Being creative, for me, is not something I do but something I let happen. I experience, see and observe and as I absorb these impressions of life, a craving to create surfaces with its ideas and visuals.
It is often in the quiet moments while I run or practicing my craft I get ideas. It’s when the mind quiets and I’m in the “zone” and being truly present, that the well opens and ideas surface.
The past years I have found that I have been giving myself less and less time for these ideas to come forth…
What I have noticed is me filling those moments between moments looking at my phone; To be “catching up” on all things social media, news and email. The phone is one massive creative distraction, taking me away from those moments of quiet, and in some ways robbing me of the creativity flow.
Now, being conscious about the addictive distractions of the phone, I have become way better and I deliberately try to allow for this space to happen during the day.
In this awareness of me clogging up my own creativity there was a new and somewhat unexpected antidote reentering my life…
Yoga has entered my life many times over the past 2 decades.
Inspired, but uncommitted it wavered in and out of the different stages I went through without me fully getting my Yoga on.
The first time I did Yoga was a bit of an initiation. I had gotten my dream job out of school, assisting legendary advertising photographer Jim Erickson. The 3rd day at work he says; lets got to yoga!
New on the job and eager to impress, no was not an option and off I went for my very first Yoga Class.
In working for Jim there were these random invitations to a bout of stretching, but at this time in my life it never became more than that.
Fast forward a few years, and marathons, my back started giving in. Getting to the point where I could not run much anymore my chiropractor prescribed yoga.
I dove into the healing process and for a while had a private teacher specializing in yoga for people with bad backs.
The back did get better and after reading the book Born To Run, I traded out the conventional running shoes with barefoot shoes, and got back to running again. This is a whole different story, but I went from not being able to run to now running 4-5 times a week. (If anyone want an extraordinary read, Born to Run by Chris McDougall is one of my top 10 books of all time.)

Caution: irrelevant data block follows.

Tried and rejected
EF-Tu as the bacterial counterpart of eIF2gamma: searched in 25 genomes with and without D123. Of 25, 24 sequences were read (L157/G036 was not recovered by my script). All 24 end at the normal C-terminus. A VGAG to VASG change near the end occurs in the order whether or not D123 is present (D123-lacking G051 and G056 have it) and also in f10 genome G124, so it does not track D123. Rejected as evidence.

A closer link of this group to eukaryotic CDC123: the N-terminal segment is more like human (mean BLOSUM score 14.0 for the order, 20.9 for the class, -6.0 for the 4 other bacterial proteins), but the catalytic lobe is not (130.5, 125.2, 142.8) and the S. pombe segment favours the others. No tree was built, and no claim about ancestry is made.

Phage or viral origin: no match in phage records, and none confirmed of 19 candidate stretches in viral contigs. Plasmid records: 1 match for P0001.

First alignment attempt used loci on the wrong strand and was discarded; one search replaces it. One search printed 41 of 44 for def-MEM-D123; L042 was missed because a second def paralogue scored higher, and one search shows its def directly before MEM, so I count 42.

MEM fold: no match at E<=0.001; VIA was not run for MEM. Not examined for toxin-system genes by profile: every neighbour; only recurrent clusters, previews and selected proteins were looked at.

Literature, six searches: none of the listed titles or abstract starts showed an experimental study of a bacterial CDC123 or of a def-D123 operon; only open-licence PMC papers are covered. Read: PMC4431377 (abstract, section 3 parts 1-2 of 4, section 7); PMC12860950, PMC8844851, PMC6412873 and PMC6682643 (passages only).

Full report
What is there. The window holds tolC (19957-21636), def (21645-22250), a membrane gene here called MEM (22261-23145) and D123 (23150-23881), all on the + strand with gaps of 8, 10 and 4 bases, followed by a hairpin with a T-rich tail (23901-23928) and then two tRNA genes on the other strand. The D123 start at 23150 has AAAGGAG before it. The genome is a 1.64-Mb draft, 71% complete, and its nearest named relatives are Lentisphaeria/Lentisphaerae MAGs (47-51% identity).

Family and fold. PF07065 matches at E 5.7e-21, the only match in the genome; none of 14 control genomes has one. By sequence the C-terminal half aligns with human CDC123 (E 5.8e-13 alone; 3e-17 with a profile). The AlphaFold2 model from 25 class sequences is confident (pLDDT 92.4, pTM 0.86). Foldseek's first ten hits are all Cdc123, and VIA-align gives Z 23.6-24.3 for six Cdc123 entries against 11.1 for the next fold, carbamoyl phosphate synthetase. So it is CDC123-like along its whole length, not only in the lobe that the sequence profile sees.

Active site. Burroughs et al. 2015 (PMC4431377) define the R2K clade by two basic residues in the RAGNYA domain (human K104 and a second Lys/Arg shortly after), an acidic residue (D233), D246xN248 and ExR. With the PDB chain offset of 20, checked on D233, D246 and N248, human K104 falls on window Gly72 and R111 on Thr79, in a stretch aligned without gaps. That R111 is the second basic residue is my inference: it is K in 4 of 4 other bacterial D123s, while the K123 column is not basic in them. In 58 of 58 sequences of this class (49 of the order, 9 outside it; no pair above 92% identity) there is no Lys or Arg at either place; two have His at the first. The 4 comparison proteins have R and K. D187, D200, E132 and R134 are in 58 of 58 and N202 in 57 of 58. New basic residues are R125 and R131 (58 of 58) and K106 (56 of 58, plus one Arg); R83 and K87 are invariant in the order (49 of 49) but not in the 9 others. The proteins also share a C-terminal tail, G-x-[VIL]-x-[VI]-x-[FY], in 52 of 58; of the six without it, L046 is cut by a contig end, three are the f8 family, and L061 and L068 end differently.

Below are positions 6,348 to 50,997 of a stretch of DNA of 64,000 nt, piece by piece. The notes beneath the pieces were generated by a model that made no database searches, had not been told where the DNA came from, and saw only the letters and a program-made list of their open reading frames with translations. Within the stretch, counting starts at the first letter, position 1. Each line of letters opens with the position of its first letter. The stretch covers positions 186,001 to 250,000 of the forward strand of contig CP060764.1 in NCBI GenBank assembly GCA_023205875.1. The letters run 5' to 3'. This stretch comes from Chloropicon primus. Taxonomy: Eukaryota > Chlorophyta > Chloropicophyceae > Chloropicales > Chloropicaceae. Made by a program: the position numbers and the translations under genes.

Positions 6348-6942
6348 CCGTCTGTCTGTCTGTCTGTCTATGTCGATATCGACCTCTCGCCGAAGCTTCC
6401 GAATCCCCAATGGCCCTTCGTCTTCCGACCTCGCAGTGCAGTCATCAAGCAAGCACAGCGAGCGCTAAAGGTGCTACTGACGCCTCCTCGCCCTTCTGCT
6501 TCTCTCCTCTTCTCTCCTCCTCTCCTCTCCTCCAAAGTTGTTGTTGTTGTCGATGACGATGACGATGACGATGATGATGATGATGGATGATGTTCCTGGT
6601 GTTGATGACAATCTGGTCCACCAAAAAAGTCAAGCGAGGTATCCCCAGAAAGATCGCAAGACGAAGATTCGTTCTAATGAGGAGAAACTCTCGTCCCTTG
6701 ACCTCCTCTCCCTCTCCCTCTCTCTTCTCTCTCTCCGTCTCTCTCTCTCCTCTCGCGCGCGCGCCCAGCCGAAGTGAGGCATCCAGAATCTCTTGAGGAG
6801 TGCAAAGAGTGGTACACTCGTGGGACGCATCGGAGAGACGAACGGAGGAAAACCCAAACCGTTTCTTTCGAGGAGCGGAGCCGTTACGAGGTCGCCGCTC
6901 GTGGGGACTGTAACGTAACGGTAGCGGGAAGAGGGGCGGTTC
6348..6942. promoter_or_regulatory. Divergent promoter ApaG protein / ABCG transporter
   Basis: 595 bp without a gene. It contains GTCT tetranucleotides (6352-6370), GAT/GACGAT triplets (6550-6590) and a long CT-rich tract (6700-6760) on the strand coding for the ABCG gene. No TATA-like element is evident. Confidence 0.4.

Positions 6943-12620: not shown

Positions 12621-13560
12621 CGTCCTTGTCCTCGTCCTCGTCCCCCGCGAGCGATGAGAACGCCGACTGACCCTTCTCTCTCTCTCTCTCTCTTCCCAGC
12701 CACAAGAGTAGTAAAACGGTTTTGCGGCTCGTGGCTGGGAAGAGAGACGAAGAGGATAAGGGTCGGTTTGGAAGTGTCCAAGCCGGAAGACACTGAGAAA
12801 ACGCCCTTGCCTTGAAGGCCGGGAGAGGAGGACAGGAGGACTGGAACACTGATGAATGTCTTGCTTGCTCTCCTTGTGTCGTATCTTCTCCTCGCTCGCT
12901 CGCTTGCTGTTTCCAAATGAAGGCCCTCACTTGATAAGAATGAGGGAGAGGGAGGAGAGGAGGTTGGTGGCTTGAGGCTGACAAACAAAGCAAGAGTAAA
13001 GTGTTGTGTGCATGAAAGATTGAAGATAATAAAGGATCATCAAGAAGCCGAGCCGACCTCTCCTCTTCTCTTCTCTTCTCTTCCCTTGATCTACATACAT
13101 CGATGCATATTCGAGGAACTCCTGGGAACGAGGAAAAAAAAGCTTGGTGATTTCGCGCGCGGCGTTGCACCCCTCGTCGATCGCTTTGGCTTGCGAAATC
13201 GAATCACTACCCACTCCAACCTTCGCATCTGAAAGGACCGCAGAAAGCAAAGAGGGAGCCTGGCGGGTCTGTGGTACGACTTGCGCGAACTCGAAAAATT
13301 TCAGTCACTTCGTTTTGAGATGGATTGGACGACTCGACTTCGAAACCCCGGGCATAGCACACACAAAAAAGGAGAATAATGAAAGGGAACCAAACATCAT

By running correctly the back sorted itself and yoga again disappeared.
I had a short stint with a truly spirited class with teacher Rusty Wells. It was bongo drums and chanting and windows dripping in steam from bodies filling every inch of floor space with Yoga mats.
Even this didn’t last.
18 years after my first Yoga experience I meet Andrea Bogart, extraordinary Yoga teacher and actor.
I believe life gives you what you need at the time that is right…
This time Yoga will be a permanent part of my life. It’s an antidote to all things cellphones and social media. It’s grounding rather than fleeting and connected being to being rather than through a device.
Now, I come out of a Yoga session with a massive smile and an all-encompassing vibration that has a peaceful tension to it. It’s hard to describe but I feel vibrant and connected and beautifully disconnected all at the same time.
It creates a deliberate stillness that connects me to my own core and allow space for the creative well to open up.
I like to describe it as seeing the world through a super wide angle lens. It’s all in my view. I find it at times when running, when I make pictures and now in Yoga…
We have all read or heard about the concept of solitude and sitting by yourself for an hour. If you do so quietly ideas and insights will begin to flow from your mind. From there, whatever the current situation, the right answers usually appear and one can act on them.
Yoga has this for me. The answers are there when I leave…
This series of Yoga images is the beginning of a larger body of work inspired by Andrea Bogart.
Andrea is one extraordinary human being I’m truly grateful to know.